First sentence: A glorious spring morning poured its golden splendor through the tall kitchen window as a whirlwind of boys raced in, shooting at each other in a reconstruction of Dunkirk. 

Premise/plot: Mrs. Audrey Landon, Lady Gwendoline Strickland, Miss Nell Brown, and Miss Zelda Dupont are the four contestants in a local cooking contest. The winner will earn a spot hosting the BBC program The Kitchen Front which focuses on how to cook making the best use of rations. The cooking contests will take place over three months--one contest day per month--an appetizer, main course, and dessert.

The novel is narrated by all four contestants. Audrey is a widow raising her sons; Lady Gwendoline is Audrey's sister trapped in a physically abusive marriage; Nell is an assistant to Lady Gwendoline's manor cook; Zelda Dupont is a professional chef, a Londoner (down on her luck) who is working in a factory. All have their own personal reasons for "needing" to win.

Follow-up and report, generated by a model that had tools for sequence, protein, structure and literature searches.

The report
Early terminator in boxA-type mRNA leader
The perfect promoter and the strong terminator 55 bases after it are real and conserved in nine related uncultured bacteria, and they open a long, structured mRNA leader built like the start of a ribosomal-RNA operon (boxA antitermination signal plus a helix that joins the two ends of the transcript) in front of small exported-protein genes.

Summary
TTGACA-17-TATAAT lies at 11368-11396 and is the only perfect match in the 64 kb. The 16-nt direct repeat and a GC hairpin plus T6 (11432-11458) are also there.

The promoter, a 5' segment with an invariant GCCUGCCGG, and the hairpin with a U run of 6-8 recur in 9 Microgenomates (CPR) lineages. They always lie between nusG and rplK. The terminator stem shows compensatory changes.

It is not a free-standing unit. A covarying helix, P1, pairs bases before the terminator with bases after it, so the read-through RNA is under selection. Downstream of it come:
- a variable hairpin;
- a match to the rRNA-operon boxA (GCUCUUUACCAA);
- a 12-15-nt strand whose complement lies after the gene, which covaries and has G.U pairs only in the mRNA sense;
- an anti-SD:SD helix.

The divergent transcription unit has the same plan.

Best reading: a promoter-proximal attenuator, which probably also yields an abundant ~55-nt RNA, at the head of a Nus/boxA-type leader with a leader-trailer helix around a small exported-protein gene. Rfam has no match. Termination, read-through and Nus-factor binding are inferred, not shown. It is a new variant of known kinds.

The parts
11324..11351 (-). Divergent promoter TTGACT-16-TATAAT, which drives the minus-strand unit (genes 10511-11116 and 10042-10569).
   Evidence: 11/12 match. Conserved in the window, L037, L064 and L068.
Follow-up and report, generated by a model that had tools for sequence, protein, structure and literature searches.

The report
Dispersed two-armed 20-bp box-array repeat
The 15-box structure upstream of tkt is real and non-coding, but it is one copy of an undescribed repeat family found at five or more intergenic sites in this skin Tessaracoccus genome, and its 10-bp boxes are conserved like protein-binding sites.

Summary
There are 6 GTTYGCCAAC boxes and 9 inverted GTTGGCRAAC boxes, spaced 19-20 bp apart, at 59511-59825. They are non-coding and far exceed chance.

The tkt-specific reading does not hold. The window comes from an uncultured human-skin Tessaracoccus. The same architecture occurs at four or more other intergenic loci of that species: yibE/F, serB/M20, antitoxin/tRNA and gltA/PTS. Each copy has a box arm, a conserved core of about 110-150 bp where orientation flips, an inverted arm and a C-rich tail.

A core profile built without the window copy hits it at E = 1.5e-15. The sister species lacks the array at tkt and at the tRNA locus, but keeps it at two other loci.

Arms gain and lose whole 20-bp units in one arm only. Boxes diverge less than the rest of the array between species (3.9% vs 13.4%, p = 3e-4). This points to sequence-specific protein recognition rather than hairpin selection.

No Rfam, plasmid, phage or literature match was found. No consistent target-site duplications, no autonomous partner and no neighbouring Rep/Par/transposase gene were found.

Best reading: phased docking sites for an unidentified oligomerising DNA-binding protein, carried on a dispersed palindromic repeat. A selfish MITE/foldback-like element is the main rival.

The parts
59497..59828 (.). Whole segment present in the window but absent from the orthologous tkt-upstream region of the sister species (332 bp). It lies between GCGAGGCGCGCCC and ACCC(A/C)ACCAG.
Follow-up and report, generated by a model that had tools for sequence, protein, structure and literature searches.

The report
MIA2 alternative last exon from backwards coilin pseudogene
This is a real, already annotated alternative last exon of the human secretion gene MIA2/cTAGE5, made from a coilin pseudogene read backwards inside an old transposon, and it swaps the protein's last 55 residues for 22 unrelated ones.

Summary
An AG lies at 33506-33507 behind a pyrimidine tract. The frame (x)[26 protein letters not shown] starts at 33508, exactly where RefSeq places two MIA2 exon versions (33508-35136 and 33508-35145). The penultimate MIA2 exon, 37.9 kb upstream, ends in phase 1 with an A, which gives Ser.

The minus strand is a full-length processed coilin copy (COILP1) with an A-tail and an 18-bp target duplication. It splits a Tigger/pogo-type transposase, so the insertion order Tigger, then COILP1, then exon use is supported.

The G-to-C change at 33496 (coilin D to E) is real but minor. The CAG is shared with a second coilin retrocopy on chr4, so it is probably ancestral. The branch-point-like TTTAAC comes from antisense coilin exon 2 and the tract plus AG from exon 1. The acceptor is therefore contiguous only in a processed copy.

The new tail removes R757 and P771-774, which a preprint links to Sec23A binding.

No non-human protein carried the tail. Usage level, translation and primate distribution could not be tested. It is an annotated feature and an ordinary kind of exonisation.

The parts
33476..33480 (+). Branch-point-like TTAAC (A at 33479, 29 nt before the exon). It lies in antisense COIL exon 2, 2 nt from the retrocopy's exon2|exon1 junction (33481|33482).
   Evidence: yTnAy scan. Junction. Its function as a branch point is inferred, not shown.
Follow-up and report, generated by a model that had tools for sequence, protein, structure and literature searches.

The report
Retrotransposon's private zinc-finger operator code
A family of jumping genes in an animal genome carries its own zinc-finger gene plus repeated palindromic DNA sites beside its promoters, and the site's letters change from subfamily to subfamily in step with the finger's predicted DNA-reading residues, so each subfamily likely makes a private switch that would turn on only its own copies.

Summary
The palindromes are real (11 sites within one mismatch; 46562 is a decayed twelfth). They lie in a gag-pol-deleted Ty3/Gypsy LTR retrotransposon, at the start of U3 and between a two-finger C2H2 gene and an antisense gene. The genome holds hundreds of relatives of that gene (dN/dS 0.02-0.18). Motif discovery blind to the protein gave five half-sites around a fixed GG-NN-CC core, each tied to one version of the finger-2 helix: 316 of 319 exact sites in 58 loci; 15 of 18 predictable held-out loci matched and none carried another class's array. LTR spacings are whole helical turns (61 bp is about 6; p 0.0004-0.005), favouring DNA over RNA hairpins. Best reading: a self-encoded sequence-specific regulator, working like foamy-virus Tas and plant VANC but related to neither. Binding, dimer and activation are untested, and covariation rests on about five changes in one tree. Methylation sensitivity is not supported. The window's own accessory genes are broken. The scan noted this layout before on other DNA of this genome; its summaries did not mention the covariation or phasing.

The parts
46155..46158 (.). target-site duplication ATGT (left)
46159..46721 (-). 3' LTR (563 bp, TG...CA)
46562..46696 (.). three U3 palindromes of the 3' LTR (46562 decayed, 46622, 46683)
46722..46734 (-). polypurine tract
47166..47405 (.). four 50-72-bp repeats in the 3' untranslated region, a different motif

My thoughts: I liked this one. I wanted to love, love, love it. I didn't quite. But it was still an enjoyable enough read. It was predictable in a sweet way. There was drama in the first half, not so much in the second half. Everything did seem to resolve quickly and effortlessly--bit by bit. By the end, there was no conflict whatsoever left. Which I don't mind actually. I don't look for conflict-driven (drama-driven) storytelling. But the characterization wasn't strong enough perhaps to carry the weight my opinion.

Still, I love the war-time setting (on the home front), the celebration of friendship, and the focus on how food can bring us together.


© 2022 Becky Laney of Becky's Book Reviews

Tuesday, February 22, 2022

28. Total Recall

Total Recall. Philip K. Dick. 1966. 31 pages. [Source: Library]

First sentence: He awoke--and wanted Mars. The valleys, he thought. What would it be like to trudge among them?